"Our goal right now is to do whatever we can so the kids have this experience. One of the things I told them is we are not guaranteed tomorrow, so savor every moment and every experience," said Kennedy.
For any theatrical production to occur, the rights, or royalty fees, for each show must be paid, and costumes and all materials for set design must be purchased. At Mars, these purchases are made by the directors using money earned from the previous year’s ticket sales. With no shows last school year, this is a unique challenge for the musical directors who have already spent their allotted budget preparing for Mamma Mia.
Normally the musical would have three shows with 1,000 tickets sold for each, but this year, due to COVID-19 restrictions, the musical will host 6 shows with about 120 tickets sold for each. This means that even if all tickets are sold, the program will receive less than one-third of their typical proceeds. In other words, this may be the last year that the high school musical exists in the Mars Area School District.
Realizing this fact and knowing that without district support the musical is doomed to fall short of the funding needed to continue, I asked what drives these teachers. Why keep working with the students when you know the simple facts of math are aligned against this program?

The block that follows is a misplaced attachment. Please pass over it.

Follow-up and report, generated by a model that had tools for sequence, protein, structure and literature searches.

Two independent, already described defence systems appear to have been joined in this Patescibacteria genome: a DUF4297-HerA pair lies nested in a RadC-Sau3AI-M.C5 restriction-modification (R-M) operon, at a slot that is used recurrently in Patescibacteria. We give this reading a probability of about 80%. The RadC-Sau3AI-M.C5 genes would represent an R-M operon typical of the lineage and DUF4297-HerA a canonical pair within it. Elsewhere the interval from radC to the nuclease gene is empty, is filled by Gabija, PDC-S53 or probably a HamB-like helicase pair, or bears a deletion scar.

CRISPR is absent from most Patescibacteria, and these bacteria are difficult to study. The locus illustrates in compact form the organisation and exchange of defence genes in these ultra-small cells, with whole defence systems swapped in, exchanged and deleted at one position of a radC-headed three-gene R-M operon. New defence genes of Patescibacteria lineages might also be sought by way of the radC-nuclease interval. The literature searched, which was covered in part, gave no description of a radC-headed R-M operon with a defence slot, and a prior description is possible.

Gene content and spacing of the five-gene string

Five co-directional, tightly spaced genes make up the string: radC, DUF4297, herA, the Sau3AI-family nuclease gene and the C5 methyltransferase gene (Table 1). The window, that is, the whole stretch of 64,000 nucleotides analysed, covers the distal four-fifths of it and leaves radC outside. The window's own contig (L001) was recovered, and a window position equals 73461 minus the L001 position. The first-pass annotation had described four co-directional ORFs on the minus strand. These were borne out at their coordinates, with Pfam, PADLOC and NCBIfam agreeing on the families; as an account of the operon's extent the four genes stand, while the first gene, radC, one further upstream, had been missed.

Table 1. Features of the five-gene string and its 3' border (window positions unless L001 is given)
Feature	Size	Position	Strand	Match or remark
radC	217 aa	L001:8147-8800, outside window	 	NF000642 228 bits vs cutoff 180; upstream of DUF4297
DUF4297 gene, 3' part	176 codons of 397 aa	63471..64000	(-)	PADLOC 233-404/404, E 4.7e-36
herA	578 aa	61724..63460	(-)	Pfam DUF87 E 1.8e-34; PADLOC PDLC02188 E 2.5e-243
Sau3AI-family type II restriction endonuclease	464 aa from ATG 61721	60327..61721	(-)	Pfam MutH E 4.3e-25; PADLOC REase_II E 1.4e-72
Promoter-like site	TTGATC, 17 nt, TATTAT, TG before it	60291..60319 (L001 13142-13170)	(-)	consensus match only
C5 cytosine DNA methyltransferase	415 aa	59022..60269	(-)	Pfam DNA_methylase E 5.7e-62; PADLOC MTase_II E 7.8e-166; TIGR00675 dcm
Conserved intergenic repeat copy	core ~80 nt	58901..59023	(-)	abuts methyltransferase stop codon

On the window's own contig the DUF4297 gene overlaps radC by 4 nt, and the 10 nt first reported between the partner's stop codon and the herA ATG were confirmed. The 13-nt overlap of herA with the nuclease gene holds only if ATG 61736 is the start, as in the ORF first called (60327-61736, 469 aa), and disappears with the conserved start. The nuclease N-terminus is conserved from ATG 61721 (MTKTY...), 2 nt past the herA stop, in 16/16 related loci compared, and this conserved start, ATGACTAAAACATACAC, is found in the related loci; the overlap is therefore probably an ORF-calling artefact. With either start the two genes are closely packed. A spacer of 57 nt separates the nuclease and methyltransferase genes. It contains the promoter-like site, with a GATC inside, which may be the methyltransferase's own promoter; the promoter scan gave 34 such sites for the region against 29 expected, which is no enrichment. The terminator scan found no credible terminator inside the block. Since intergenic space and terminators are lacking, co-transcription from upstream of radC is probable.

Answering this question brought both teachers to tears in separate interviews, driving home the emotional investment they have made in our students. While the musical directors are doing their best to keep their focus on the here and now, they also expressed concern for the future of the program and how that will affect the students in the district.
“We do it for the kids – they are the most wonderful group of kids, and to see the impact the rehearsals and then the performance has on each and every one of them is what drives me. We are like a family,” said Kaminski.
While attempting to bring any proposal for additional spending to the fifth wealthiest district in the state under a perpetual state of austerity is certainly dead on arrival, these two teachers put in an admirable energy and passion into their roles. Kennedy and Kaminski estimate that they each clock over 900 hours of work on every production, and their biggest hope right now is that they will have the resources to continue to do so for many productions to come.
See how they pulled it off in this KDKA spotlight article! Mars Area High School Finds Way To Put On ‘Mamma Mia’ Musical